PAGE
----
When talking of deployment and integration the most common question is. What about ESB? And this is also when Apache Camel shines. Apache Camel is fully supported by Apache Camel parent project Apache ServiceMix, that supports the industry standard Java Business Integration standard. The JBI specification has been criticized about being a slow way of developing integration software and in many aspect that is true, but with Apache Camel as core developing framework that is no longer true.

The reason to select an ESB platform to deploy your integration software is:
  • Management. The ESB platform is specially design to manage integration programs.
  • Redundancy and Scalability. A good ESB platform is specifically design to handle these issues when the load and uptime requirements increases.

But one thing, that in my opinion, the Apache Camel homepage lack is good starting example of showing the above strength. So lets get started with NOT writing a production code example, but instead lets write a JUnit test case that you can debug, then you can continue of writing your production code.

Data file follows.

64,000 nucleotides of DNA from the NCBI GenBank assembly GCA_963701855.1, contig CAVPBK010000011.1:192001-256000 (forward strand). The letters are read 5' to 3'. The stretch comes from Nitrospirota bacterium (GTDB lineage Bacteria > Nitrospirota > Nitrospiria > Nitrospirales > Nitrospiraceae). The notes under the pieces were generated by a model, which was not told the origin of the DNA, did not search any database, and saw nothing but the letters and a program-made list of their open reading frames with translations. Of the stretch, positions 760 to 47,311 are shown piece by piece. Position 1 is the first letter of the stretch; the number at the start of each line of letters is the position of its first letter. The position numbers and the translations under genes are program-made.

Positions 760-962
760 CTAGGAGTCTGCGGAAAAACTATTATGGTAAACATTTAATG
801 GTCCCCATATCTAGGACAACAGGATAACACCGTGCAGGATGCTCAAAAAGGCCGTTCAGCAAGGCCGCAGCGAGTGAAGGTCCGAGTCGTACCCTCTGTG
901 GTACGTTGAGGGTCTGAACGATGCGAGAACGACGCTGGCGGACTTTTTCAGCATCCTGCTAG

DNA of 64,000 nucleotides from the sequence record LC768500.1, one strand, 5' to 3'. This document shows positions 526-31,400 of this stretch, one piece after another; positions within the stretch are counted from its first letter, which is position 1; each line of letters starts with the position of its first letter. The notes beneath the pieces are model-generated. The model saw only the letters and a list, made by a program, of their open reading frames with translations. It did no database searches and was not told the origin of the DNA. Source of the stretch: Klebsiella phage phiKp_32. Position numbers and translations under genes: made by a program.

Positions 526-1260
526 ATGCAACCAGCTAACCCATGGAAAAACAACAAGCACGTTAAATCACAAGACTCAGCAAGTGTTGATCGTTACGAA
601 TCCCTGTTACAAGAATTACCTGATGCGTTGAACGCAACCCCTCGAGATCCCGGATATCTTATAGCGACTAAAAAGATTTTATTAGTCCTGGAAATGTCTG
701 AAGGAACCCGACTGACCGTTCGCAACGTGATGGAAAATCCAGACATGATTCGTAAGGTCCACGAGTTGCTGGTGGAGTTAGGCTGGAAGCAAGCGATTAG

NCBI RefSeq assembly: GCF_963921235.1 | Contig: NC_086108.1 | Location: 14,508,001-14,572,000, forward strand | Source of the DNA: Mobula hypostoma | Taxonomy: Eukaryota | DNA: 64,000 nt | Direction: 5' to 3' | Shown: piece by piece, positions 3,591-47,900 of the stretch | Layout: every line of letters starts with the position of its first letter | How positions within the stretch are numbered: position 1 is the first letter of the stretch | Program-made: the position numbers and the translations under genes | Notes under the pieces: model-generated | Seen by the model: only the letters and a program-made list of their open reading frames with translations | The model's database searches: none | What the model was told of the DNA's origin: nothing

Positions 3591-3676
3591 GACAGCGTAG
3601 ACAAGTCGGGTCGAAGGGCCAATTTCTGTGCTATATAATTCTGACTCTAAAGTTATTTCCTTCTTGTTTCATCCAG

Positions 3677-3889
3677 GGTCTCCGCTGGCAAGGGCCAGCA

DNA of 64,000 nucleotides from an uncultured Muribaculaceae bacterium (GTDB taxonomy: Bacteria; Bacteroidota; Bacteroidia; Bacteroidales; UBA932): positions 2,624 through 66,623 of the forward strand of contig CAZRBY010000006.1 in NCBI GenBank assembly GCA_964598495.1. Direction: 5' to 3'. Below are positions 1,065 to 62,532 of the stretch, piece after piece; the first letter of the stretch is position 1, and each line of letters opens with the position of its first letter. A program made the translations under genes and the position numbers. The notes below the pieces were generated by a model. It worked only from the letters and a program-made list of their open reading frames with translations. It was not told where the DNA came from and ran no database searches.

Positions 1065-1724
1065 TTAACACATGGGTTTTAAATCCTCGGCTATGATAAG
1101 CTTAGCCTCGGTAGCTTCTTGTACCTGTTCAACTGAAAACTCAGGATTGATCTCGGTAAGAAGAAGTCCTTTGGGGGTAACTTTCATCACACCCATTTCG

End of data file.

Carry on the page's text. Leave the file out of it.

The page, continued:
In the below example I will also take into account that one day, you might want or NOT take the next step and move your Apache Camel code into a full blown ESB environment.

Lets first look at your Maven pom.xml.

To read more about all configuration options for the above endpoints, see http://camel.apache.org/components.html

An Apache Camel route can also be configured in a XML file, which is the natural choice since you want  things to configurable and not static defined in a Java class, but more about in my next blog.

June 28, 2010

Problem Running Eclipse on Ubuntu 10.04 (Lucid Lynx)

I have been using Ubuntu for some time and it is really a great OS, but it is amazing why it is always Eclipse that brings the most headache when upgrading Ubuntu. For a couple a days ago I upgraded to Ubuntu 10.04, and everything works smoothly until I started Eclipse 3.5 SR1, with bug fixes I have previously described.